Getting started with Bush Kindy

Let's do this

Written by Birdwings Nature, Jennifer McCormack and Narell Neville

 All children should have the opportunity to engage with nature. Fortunately, it is not difficult to get out and about to learn outside with children - and nature provides us with the perfect learning and teaching environment! The idea of taking children out of their usual learning environment to play in wild nature has piqued the interest of early childhood educators across Australia. Bush kinder is an approach to learning that has been gaining momentum in Australia, particularly over the last 10 years or so. We firmly believe that bush kinder is the way forward for early childhood learning in Australia and we can help you make it happen.

Why Bush Kinder? A bush kinder provides children with a welcome change from familiar surroundings, a freedom to use imaginations and bodies in new and challenging ways and an opportunity to connect in meaningful ways to local natural ecology, indigenous culture and seasonal changes. To interact with wild nature is a very different experience than playing within a constructed learning environment, even one that offers diverse play equipment and resources to challenge children’s thinking, creativity and development. Wild nature offers children a sense of freedom and variety that cannot be found within a fenced area, so you will find the engagement of children’s play in nature is very different to the play you will typically see within your usual learning environments. With space to move and be loud, or to be still and quiet, children have the freedom to choose according to what they feel like doing. Nature has it all: uneven surfaces, places to climb and hang, dark places, light places, creatures to discover and observe, materials to build and create with, and opportunities to find expression for stories, art and handcrafts. Nature provides us with a place to just BE. Best of all - there’s minimal setting up to do. Just arrive - and play!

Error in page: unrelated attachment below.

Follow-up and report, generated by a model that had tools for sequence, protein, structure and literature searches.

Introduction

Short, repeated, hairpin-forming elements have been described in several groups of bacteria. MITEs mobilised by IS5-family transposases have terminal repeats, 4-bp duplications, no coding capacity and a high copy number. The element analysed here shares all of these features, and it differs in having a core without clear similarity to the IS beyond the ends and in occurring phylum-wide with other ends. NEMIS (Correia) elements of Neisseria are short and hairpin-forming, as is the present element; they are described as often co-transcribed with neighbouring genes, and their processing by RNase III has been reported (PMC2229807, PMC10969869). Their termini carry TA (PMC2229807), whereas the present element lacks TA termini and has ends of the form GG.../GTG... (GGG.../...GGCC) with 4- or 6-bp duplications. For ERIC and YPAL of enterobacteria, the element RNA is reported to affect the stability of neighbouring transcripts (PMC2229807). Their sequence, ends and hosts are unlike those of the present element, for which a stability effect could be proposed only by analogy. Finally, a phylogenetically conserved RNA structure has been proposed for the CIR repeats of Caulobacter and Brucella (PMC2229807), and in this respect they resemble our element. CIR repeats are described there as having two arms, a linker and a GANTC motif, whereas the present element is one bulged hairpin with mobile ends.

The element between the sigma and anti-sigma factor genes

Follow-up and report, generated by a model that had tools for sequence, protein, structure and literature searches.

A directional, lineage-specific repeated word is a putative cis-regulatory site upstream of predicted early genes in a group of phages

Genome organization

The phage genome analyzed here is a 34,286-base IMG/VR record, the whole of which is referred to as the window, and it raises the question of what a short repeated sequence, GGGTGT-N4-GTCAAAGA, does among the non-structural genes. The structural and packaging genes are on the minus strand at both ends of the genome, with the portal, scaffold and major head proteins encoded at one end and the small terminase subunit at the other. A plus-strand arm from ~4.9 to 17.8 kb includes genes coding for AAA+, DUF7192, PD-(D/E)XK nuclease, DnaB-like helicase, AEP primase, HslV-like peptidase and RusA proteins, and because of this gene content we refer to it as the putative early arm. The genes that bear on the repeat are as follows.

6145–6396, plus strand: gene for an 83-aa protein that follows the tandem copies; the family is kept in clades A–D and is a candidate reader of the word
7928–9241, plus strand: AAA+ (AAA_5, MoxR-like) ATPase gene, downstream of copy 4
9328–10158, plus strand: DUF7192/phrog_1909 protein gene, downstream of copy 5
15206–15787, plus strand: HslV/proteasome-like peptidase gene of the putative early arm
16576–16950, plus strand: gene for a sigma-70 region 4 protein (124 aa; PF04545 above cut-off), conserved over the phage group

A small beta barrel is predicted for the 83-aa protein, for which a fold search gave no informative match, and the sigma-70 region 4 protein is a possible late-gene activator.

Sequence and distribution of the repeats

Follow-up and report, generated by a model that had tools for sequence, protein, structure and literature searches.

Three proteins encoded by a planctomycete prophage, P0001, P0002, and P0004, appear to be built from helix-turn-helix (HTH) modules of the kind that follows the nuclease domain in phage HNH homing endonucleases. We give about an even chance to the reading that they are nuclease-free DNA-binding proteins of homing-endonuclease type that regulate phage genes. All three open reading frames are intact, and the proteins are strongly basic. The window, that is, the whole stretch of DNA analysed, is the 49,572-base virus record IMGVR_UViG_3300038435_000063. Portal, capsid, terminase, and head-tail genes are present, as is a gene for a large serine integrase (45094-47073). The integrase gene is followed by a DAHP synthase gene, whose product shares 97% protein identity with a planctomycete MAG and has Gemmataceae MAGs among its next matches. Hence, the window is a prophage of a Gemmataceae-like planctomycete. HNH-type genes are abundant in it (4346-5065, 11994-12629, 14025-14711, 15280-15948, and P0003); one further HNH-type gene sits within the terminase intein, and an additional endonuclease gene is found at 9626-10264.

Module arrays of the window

As adults working outside with children our role is to be a mentor. Beginning with the understanding that children are capable learners, we guide, support, help with resources, and keep an eye out for hazards. Every moment a child is engaging with nature they are learning something about themselves, each other, and their environment. Challenges appear which may be individual for each child: learning to navigate uneven surfaces, learning how to move their bodies for scrambling and climbing among branches, feeling courage to enter flowing water or to play in weather that cannot be controlled - only managed with clothing. This can be big learning for little people! It will never be learned within an air-conditioned room or a playground covered in AstroTurf with smooth and predictable play structures. When you go back to Kindy with the children you can relish the recounts and reflections of their adventures, challenges, and playful experiences, contribute to journals, and explore concepts the children were interested in with reference materials and artifacts.

Every early childhood service can run a bush kinder program. Nature reserves, parks and local creeks are accessible with a regular excursion notice and prepared risk assessments. For services that do not have access to nature immediately outside their learning environment, children can be transported by bus or walked there if local. Leaving the service with children has wonderful advantages for learning about neighbourhoods, street safety, and developing a sense of belonging within the community. Many educators feel a bit nervous about playing in wild nature. We encourage you to play outside yourself - get to know the area and learn how to explore through a child’s eyes. Our Beyond the Sandpit workshops can help you find this confidence, creativity and joy in playing outside. As for the dangers - some well-considered risk assessments, ongoing conversations with children, families, and the community will ensure that you are giving ongoing safety your serious attention. This excellent  Bush Kinder document by the Victorian Government outlines all the major considerations for services to begin the journey out of doors  - and of course our workshops will help you gain the confidence and skills to enjoy your time outside once you get there! The Beyond the Sandpit series of workshops with Phoenix Support for Educators are designed to help educators find creative connections with local nature and the practical skills to begin planning your bush kinder programs and exploring nature play with children.

It’s time to go out and play! 

Gain some practical ideas and insight in Part 2 of this post

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